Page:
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Baseball
Stephen Cannella
April 03, 2000
High FivesAt bargain-basement prices, some Rule 5 pickups bring teams a major league boost
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April 03, 2000

Baseball

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Last-Minute Shoppers

Teams have two goals in the final week of spring training: keep everyone healthy and fill holes on the roster before Opening Day. We can't predict whose hamstring will pop, but we can say which clubs are likely to be active in the trade market. Here are four teams with pressing needs and four who are overstocked at a particular position.

Looking to Buy

TEAM

NEED

Blue Jays

Starting pitcher: With Joey Hamilton (shoulder surgery) out until mid-May, Toronto needs workhorse

Indians

Lefthanded reliever: Ricardo Rincon, only lefty in pen, had spring ERA of 6.75 through Sunday

Tigers

Centerfielder: Juan Encarnacion. in second full season, has great tools, but he's better suited to left

Yankees

Designated hitter: The Boss, itchy to make move after poor spring, unlikely to stand pat with Shane Spencer as DH

Looking to Sell

TEAM

SURPLUS

Indians

Outfielders: With Kenny Lofton due back this month, Jacob Cruz, Alex Ramirez or Dave Roberts is expendable

Pirates

Lefthanded relievers: With Jason Christiansen, Scott Sauerbeck and Jeff Wallace, Pirates pen has a lefty too many

Red Sox

Infielders: Manny Alexander, Jeff Frye (right) and Donnie Sadler all play nearly any position; all three can't stay

Tigers

Leftfielder: Rich in corner outfielders, Detroit eager to move Bobby Higginson (.239 in 1999) and his $4.3 million salary

High Fives
At bargain-basement prices, some Rule 5 pickups bring teams a major league boost

Dewayne wise has Major League Baseball's logo tattooed on his left shoulder, but that doesn't mean he has baseball's bylaws memorized. When a recent visitor to Blue Jays camp mentioned the Rule 5 draft to Wise, a 22-year-old outfielder whom Toronto plucked from the Reds in December, he shook his head. "When my agent told me before the draft that I might get taken," said Wise, "I was like, 'Rule 5? What's that?' "

For Wise and several of his fellow draftees, it can be a high-speed escalator from the low minors to the big leagues. A player chosen in the December draft-in which, for $50,000, teams can grab prospects not protected on opponents' 40-man rosters-must spend the entire season in the majors; if he is sent down or cut, his former team can reclaim him for $25,000. It's a small risk for the chance to turn up the next George Bell or Kelly Gruber or Dave Hollins, all onetime Rule 5 draftees who became All-Stars. Says Devil Rays general manager Chuck LaMar, "In the economics of today's game, $25,000 is a very good gamble."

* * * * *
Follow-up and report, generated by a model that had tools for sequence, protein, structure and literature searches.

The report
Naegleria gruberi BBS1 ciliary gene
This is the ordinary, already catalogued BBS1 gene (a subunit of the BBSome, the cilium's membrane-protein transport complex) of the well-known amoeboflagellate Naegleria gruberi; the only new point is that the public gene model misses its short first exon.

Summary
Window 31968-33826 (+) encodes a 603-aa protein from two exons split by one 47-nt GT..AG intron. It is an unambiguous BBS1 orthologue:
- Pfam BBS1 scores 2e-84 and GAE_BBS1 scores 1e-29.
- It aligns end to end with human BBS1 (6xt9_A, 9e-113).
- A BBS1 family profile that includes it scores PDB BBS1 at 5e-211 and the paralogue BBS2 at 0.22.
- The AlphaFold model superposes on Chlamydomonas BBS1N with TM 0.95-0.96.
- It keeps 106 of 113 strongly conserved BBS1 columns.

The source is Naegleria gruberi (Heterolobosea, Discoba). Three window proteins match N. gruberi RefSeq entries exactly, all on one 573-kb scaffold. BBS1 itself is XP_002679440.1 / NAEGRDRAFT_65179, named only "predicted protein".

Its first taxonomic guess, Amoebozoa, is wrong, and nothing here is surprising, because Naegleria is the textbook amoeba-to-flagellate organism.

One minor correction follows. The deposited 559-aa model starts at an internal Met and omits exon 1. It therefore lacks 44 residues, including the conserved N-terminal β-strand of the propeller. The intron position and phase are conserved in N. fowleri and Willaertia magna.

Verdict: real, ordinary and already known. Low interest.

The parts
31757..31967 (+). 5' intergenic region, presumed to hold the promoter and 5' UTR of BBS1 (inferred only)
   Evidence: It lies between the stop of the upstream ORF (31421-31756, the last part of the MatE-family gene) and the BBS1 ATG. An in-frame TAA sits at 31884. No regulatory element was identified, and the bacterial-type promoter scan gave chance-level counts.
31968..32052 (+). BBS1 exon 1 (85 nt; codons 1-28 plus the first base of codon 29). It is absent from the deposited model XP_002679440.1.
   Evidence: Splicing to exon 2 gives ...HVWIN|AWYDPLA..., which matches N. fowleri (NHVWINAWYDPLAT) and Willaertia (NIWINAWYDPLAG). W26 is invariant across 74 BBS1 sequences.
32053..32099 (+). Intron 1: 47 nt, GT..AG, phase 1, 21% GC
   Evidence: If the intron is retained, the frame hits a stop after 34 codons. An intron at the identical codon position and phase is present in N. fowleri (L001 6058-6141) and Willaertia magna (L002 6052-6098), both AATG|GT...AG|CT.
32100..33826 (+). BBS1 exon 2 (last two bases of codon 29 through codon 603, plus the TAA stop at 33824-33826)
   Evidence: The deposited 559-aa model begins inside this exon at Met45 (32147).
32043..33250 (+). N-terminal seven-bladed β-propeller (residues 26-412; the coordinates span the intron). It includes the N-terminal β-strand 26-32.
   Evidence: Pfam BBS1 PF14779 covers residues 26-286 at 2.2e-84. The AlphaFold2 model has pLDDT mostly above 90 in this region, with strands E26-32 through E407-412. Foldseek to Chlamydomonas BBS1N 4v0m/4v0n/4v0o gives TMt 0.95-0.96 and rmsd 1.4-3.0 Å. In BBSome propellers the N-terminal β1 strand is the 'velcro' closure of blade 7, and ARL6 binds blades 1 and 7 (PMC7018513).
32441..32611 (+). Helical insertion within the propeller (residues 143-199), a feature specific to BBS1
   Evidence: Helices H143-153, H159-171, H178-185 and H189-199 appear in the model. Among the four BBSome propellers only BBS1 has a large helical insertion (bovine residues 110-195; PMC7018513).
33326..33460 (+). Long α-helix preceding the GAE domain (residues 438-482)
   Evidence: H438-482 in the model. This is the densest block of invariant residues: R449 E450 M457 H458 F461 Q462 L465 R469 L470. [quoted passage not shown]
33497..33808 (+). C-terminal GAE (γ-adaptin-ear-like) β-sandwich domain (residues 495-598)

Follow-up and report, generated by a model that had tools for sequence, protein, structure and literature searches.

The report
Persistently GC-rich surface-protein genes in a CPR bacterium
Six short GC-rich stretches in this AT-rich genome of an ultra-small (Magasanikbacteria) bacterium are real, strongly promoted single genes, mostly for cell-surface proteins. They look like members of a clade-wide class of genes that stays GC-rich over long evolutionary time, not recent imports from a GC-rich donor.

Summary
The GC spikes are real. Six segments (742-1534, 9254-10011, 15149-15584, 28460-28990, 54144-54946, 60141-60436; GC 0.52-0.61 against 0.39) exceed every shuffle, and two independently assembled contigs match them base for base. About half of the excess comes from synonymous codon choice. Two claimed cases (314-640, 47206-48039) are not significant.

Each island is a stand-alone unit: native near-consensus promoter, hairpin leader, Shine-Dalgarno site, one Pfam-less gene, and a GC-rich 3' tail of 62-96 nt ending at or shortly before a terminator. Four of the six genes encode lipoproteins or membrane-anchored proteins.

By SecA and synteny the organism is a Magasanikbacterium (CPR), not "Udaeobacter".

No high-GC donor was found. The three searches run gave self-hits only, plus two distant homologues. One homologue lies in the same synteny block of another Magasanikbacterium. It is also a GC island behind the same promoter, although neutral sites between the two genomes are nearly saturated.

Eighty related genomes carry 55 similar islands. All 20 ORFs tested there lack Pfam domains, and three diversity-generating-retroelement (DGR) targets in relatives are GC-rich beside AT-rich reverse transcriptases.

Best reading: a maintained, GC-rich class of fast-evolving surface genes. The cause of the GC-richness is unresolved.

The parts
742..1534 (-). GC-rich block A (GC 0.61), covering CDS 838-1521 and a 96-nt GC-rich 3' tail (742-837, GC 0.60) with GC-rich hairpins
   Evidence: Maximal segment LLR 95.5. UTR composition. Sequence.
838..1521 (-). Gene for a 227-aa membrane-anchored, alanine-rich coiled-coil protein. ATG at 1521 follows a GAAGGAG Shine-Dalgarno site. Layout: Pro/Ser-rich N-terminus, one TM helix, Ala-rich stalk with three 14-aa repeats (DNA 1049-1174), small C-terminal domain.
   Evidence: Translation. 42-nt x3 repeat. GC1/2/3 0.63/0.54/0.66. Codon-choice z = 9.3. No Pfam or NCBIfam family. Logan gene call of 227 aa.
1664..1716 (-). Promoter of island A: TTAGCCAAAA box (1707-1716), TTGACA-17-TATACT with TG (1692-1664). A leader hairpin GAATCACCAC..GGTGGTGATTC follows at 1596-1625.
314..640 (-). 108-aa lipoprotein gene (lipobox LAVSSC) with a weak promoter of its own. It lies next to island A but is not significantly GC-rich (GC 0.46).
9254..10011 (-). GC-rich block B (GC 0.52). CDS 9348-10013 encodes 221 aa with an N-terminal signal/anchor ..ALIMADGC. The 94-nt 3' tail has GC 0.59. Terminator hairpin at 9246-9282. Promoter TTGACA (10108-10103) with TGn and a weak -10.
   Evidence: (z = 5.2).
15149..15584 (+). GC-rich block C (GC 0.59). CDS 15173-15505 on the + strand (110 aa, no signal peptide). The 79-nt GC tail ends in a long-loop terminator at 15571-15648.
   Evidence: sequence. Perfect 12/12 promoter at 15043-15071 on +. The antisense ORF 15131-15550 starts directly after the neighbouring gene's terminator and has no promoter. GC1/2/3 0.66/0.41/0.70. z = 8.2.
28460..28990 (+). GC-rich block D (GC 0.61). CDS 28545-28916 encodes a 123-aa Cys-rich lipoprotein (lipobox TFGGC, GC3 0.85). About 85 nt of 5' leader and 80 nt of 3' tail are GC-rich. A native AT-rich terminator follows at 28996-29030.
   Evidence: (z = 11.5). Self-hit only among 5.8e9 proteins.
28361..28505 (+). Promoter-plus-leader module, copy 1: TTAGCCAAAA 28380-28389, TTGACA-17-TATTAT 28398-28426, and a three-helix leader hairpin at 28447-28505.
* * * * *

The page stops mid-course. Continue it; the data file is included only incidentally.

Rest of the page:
Wise, who stole 35 bases for the Reds' Single A affiliate in Rockford last year, had hit just .188 this spring through Sunday, but the Blue Jays were impressed enough with his baserunning and defense to consider carrying him (or making a deal with Cincinnati so Toronto could send him to the minors for more seasoning). "This kid would be a first-or second-round choice [in the June free-agent draft]," says Blue Jays manager Jim Fregosi. "We paid $50,000 to look at someone we'd otherwise have to pay $1 million for."

Here are three other Rule 5 players who entered the last week of camp with a strong chance to make their respective teams.

? Chris Reitsma, RHP, Devil Rays. Tampa Bay hoped to draft him out of high school in 1996, but the Red Sox got there first. Since then, Reitsma, 22, has twice broken bones in his elbow while pitching; in 19 starts last year at Rookie League Sarasota he was 4-10 with a 5.61 ERA. Still, the Devil Rays, enamored of his sinking, mid-90s fastball, pounced on him in December. "I think he's a major league pitcher in the future," says LaMar.

? Matt Williams, LHP, Brewers. As one of the few lefthanders in camp, Williams, pitching for his sixth organization, had an inside track on a roster spot; he locked it up with a 1.28 ERA in eight spring appearances. Chosen from the Yankees, for whom he struck out 66 batters in 51 innings for Double A Norwich and Triple A Columbus last year, he'll be the Milwaukee bullpen's left-handed specialist.

? Johan Santana, LHP, Twins. Asked early in spring training how he felt about facing Ken Griffey Jr. in an exhibition game, Santana, 21 and a former Astros farmhand, said, "Let's get ready to rumble." Four of Santana's first five strikeout victims this spring were Griffey, Pokey Reese, Dante Bichette and Will Clark. He had a 2.16 ERA, and opponents were hitting .200 in 16.2 Grapefruit League innings.

Expos' Latest Phenom
Bergeron Takes Center Stage

Discussing his centerfield prospects Peter Bergeron, 22, and Milton Bradley, 21, Expos manager Felipe Alou sounds like a proud parent of twins trying to pick a favorite. "This spring Bergeron has showed he's been around a little longer," Alou says. "But Bradley is loaded with talent. He's just greener."

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